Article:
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Fixed Income: Where Have All the Good Bonds Gone?

Fixed Income: Where Have All the Good Bonds Gone?

If you equity investors think you've got it tough, consider us bond guys. Finding a triple A rated U.S. industrial, utility or bank bond worth buying is about as easy as finding Sasquatch. You'd think that it would be an easy exercise, given the corporate bond market size: It represents, roughly, a sixth of the market value of the world's bonds.

Why is it so tough? There are a number of reasons, from the weak corporate balance sheets to the influx of foreign bond buyers to the government's reduced issuance of Treasuries. Oh, and don't forget that there are fewer market makers now, too.

Despite the great returns generated by most sectors of the investment-grade corporate bond market in recent years, there has been a disturbing underlying trend that most investors have ignored: the decline of corporate credit quality. Over most of the 1990s, credit spreads tightened to historic lows, but the ratio of bond rating downgrades by Moody's and Standard & Poor's rose by a factor of 10 by the close of 2001. (Of course, the downgrades were collateral damage from the Asian Contagion, the Long-Term Capital Management implosion and the Russian debt debacle.)

That notwithstanding, investors need to be aware that there have been structural changes and these are reflected in the bond market's major indices. According to the Lehman Brothers Credit Index, it is clear that high-quality corporate bonds are a dying breed and that riskier BBB securities are becoming dominant in the U.S. corporate bond market. (By the way, the definition of the S&P's BBB or Moody's Baa ratings is adequate in the short run, but perhaps unreliable over the long term.) In fact, the lower half (from A to BBB rated) of the market now represents nearly 75 percent of the Lehman Credit Index. The Merrill Lynch AAA Corporate Bond Index has likewise been affected: The number of issues in the index has declined from 549 in 1988 to just 85 by yearend 2001. Moreover, the number of U.S. domestic corporations that carry the much-heralded Aaa or AAA bond credit rating within this Merrill index has dwindled to just six.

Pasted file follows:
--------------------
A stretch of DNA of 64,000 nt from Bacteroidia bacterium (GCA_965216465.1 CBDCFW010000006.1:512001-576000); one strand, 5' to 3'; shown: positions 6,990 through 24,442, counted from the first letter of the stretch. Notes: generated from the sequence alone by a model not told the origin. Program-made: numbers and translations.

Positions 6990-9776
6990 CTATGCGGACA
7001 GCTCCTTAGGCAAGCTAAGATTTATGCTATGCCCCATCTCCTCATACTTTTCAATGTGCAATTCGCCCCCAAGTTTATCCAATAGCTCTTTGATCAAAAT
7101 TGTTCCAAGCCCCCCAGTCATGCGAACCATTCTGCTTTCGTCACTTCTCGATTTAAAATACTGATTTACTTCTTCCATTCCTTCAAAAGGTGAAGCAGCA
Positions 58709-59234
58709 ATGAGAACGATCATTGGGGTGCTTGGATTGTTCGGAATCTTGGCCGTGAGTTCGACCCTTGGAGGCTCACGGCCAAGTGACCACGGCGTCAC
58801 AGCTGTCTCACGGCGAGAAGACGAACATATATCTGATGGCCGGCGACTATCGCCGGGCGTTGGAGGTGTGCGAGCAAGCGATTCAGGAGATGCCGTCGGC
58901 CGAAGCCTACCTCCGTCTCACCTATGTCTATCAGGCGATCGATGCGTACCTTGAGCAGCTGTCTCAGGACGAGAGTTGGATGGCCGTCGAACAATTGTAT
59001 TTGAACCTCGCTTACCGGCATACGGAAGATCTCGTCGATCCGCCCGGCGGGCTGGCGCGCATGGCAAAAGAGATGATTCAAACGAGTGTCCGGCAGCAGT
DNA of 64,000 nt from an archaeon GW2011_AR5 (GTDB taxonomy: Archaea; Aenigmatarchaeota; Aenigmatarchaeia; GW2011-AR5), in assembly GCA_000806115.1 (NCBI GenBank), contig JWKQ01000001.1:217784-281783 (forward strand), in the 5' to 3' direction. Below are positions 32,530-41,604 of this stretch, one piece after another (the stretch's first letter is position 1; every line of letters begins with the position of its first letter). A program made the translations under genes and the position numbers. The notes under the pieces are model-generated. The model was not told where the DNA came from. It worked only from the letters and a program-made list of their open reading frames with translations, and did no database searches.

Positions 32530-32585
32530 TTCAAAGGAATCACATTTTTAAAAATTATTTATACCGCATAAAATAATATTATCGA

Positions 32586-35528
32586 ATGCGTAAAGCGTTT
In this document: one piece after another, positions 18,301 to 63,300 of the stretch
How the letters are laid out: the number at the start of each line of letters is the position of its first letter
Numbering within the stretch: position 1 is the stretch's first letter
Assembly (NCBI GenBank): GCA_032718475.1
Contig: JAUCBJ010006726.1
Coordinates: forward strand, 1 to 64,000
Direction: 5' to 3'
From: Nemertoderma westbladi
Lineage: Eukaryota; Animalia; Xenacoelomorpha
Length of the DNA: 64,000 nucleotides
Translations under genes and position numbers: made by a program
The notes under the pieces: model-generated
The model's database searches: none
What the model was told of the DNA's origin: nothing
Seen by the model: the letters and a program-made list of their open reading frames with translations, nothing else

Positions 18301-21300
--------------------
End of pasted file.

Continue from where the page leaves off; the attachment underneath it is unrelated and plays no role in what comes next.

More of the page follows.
If your clients have traditionally restricted themselves to the high-quality sectors of the corporate market, you will find slim pickings. Indeed, the six Aaa/AAA members of the Merrill index are: Bristol — Meyers Squibb, General Electric, Johnson & Johnson, Merck, Pfizer and Exxon-Mobil. Unfortunately, most investors' portfolio investment guidelines have not come to grips with these facts.

In view of this trend, the rise in the number of BBB-rated issues used to create the Merrill Lynch and high yield indices comes as no surprise. In fact, the number of issues in the BBB Index are likely to grow further, especially given the potential downgrades among the single A issues that are currently on negative watch.

Therefore, we expect the divide between the high-grade corporate bond market and the lower grades to widen in the coming months. High grades will be expensive and stay expensive and the B-rated and lower will continue to fall. A two-tiered market is developing, and volatility reigns. Paper of companies such as Tyco, under scrutiny for accounting shenanigans, can fluctuate by 100 basis points on bad news days.

Brokers, therefore, will need to update their client investment policies to reflect these market conditions. In general, we think you should expect less in returns from your high-quality corporate bond investments going forward. Therefore, investors will be increasingly forced to consider lower-quality alternatives for return, which brings added risk of default. If investors gain a better understanding of the risks associated with these structural and credit risk changes in the U.S. bond market, they will inevitably be better prepared to meet the challenges they present.

Writer's BIO:
Robert G. Smith III is president and CIO of Sage Advisory Services, the Austin-based fixed income manager.

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